You may have read about the 13-year-old girl who committed suicide as the result of false and hurtful postings made under a phony name. This is all protected by what some would consider free speech. I wonder how the parents of the young girl feel about this falling under First Amendment rights. These were not just innocent postings; they were malicious attacks made on a young girl, which inevitably lead to her taking her own life.

The great thing about the Internet is that everyone has access. The bad thing about the Internet is that everyone has access.

Again, technology is moving much faster than litigation and businesses, so government agencies are starting to take notice. Just like in the old West, people are calling for law and order. It is on the way, it is hard to say how long it will take, but it will be good for all of us.

This is obviously a hot-button topic. I’d like to hear your thoughts. Send an e-mail to and let me know how you feel.


John W. Scherer

Friday, December 07, 2007

To TiVo® or not to TiVo? That is the question

You may have read recent news stories about the just–completed, November television ratings period. It’s a time for networks and their local affiliates to get a measure of who is watching and who is not.

These rating periods are conducted four times each year in November, February, May and July. You’ll have no problem noticing these occasions because it’s when the networks air their most popular shows’ premieres and   promote various new series.

A company called Nielsen Media Research measures the results which are critical to programmers as it sets the rate they’re able to charge people like me for commercials..

One method involves a group of selected viewers filling out diaries and sending them in. Others have boxes hooked up to their TV’s in order to electronically measure viewing data. In a market like Denver, between 4-600 viewers are needed to make up the sample to be able to measure the viewing habits of hundreds of thousands of people.

But is measurement technology keeping up with viewing technology?

Here’s an example that one of our staff here at Video Professor shared with me.

He watches programs like NBC’s “Meet the Press” and CBS’s “Face the Nation”, at his leisure instead of Sunday mornings when they both air. He can watch them later that evening or while eating lunch on Mondays. Both programs are available as podcasts which he watches on his video iPod® player.

On a recent Tuesday night he watched episodes of “Shark” airing on  Sunday evenings on CBS, and “Heroes,” airing on Monday evenings on NBC,  via DVR (Digital Video Recorder.) He enjoys being able to skip through commercials, two hours of programming is compressed into less than 90 minutes.

He also mentioned that at least twice that Tuesday evening, he checked in with a local station’s news website via his BlackBerry ® device. He didn’t have to watch a traditional newscast to find out the news, weather and sports he needed.  I just hope he read the e-mail I sent to that very same BlackBerry about getting next year’s budget numbers in!

So, while he does watch some programming live, much of his news and information comes via delay on the DVR, his iPod or BlackBerry device. So it appears that while he watches, he’s not one of the counted.

Companies like Nielsen are working hard to catch up with technology, like many of us these days. While technology moves ahead at what seems light speed, the methods to measure it, and legislate it effectively, move far slower. So, is that good or bad? Do you even care?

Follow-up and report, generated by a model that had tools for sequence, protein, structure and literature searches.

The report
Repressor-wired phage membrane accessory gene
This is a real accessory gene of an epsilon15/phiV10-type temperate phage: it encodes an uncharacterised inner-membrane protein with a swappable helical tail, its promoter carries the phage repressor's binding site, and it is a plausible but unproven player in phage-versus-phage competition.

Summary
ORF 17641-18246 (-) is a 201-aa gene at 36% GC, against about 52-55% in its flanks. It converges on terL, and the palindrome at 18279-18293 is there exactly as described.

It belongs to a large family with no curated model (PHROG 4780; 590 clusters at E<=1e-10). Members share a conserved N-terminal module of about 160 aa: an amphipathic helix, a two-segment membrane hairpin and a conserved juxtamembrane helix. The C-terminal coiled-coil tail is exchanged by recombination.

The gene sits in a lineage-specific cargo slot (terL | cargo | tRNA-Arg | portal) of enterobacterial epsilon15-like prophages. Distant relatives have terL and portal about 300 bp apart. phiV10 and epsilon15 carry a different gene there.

However, that’s just part of the equation. You could get your news on the Internet and comment about with a blog, like I do. Some blogs are extremely influential in politics, business and entertainment.

While you may be watching a show on television or your iPod, others are listening to music on their MP3 players, playing video games, watching movies on their home theater systems, or downloading video to their computer. Nowadays, people are not just watching television. We have many choices, whether it’s between a satellite provider or cable company, both are  available in HD (High Definition) which is optional. There are even more choices with the invention of HDTV, built-in digital video recorders and third party hardware such as  TiVo ®  digital video recorder.

Here’s the bottom line: Technology is doing what it’s supposed to be doing: Empowering you, the consumer, with choices. Networks do not dictate when or how you watch. You do. When there isn’t something interesting to watch in  our 500 channel universe; you now have so many other choices.

All of us here at Video Professor have been paying very close attention to this surge in technology since we started working on our Digital Devices Made Easy tutorial. We learned from our own experiences, plus those of our customers that while all this technology is fabulous, understanding how it works can be quite frustrating. We’ve also learned from all the lessons we’re selling, you will continue to come to us for help.

It reminds me of when I first started Video Professor over 20 years ago, people knew that computers were the future. They knew that like it or not, computers would become a part of their every day lives. They just needed someone to teach them how to operate their machines.

Technology we could only dream about 20 years ago, including  HDTV’s, iPods and digital video recorders are here to stay. So, the technology has changed. What hasn’t changed is that we simply need to learn how to operate it all!

I guess it’s true, the more things change, the more they stay the same. We’re happy to keep up with it all in order to help you keep up with it all.

I’m curious as to how the many home entertainment choices available today are used in your house. Share your stories with me at

I look forward to hearing from you.


John W. Scherer